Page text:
Green Bay's 19-game winning streak came to an end at Kansas City on Sunday, but the Packers remain a strong favorite to repeat as champions. That's thanks in large part to Rodgers' knack for making big plays without major mistakes.
It has been a long and challenging journey out of obscurity for Rodgers, who wasn't offered a big-time scholarship out of high school and had to play a year in junior college. Then came his agonizing wait on draft day, three seasons on the bench behind Brett Favre and a tumultuous first year as a starter.
If Rodgers' path to stardom had been smoother, he says he wouldn't be the player -- or person -- he is today.
"It's something that gives me perspective all the time, knowing that the road I took was difficult. But it did shape my character and it shaped my game as well," Rodgers said. "I try and keep that on my mind as a good perspective, but also as a motivator, knowing that it took a lot to get to where I am now and it's going to take a lot to stay where I'm at."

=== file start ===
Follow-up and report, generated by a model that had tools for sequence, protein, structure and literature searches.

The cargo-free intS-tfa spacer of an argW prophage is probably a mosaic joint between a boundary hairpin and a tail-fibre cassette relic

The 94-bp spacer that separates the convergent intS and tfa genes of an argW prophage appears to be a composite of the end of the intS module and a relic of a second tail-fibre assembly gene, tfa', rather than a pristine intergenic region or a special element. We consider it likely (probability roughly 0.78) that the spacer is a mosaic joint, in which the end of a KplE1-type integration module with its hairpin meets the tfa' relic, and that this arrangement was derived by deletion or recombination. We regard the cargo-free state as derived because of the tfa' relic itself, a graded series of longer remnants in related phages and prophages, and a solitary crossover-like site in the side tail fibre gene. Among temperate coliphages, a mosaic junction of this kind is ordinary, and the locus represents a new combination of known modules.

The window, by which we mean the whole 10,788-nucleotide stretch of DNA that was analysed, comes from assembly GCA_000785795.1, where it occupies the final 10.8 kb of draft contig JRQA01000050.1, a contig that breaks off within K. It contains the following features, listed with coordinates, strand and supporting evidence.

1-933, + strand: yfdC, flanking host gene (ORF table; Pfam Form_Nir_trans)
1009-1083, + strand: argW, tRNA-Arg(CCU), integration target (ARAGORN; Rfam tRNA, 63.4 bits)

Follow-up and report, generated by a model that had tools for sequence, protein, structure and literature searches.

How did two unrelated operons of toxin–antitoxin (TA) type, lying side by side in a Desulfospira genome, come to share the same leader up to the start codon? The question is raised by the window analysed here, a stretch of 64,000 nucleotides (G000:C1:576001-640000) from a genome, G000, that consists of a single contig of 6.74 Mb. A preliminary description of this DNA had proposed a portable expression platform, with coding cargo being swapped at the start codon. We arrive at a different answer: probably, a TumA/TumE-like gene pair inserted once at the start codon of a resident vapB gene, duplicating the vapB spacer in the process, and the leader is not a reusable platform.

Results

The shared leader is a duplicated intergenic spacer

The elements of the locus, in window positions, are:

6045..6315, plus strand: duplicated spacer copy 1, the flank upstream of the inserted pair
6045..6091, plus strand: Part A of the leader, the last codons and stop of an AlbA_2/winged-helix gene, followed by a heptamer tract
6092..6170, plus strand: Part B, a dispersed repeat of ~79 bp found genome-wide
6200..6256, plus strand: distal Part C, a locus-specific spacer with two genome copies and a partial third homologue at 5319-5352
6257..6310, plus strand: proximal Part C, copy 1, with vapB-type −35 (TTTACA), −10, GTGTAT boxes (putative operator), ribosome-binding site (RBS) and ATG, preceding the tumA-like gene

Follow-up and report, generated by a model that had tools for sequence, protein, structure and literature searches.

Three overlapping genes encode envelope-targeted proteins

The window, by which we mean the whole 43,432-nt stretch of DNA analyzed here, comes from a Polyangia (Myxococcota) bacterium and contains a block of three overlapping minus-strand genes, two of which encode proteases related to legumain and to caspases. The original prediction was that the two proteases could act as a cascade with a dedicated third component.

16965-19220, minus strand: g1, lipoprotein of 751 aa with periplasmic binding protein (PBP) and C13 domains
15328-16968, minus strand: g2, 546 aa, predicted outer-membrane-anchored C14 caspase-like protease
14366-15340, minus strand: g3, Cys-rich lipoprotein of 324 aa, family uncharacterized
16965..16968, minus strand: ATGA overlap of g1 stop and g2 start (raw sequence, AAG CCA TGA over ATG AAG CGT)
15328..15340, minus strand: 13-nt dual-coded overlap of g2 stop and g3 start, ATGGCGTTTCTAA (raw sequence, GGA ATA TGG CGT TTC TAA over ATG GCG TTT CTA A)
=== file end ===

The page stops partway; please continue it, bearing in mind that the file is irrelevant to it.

Strangely, earning widespread respect throughout the sports world could become a challenge in and of itself for Rodgers, who draws motivation from proving himself to his doubters and critics.
Is that becoming more difficult?
"It would only be tougher if you stopped remembering or drawing or thinking about those things," Rodgers said. "And I think a great competitor has to have at least some sort of chip on their shoulder, or at least the attitude that you have something to prove every time you take the (field)."
Unable to attract attention from a big-time college program, Rodgers played a year at Butte College in Oroville, Calif., near his hometown of Chico. His play there eventually got the attention of Cal coach Jeff Tedford, and Rodgers transferred.
Rodgers thrived at Cal and went into the 2005 NFL draft expecting to be taken early in the first round. But he didn't hear his name called until the Packers chose him with the 24th overall pick.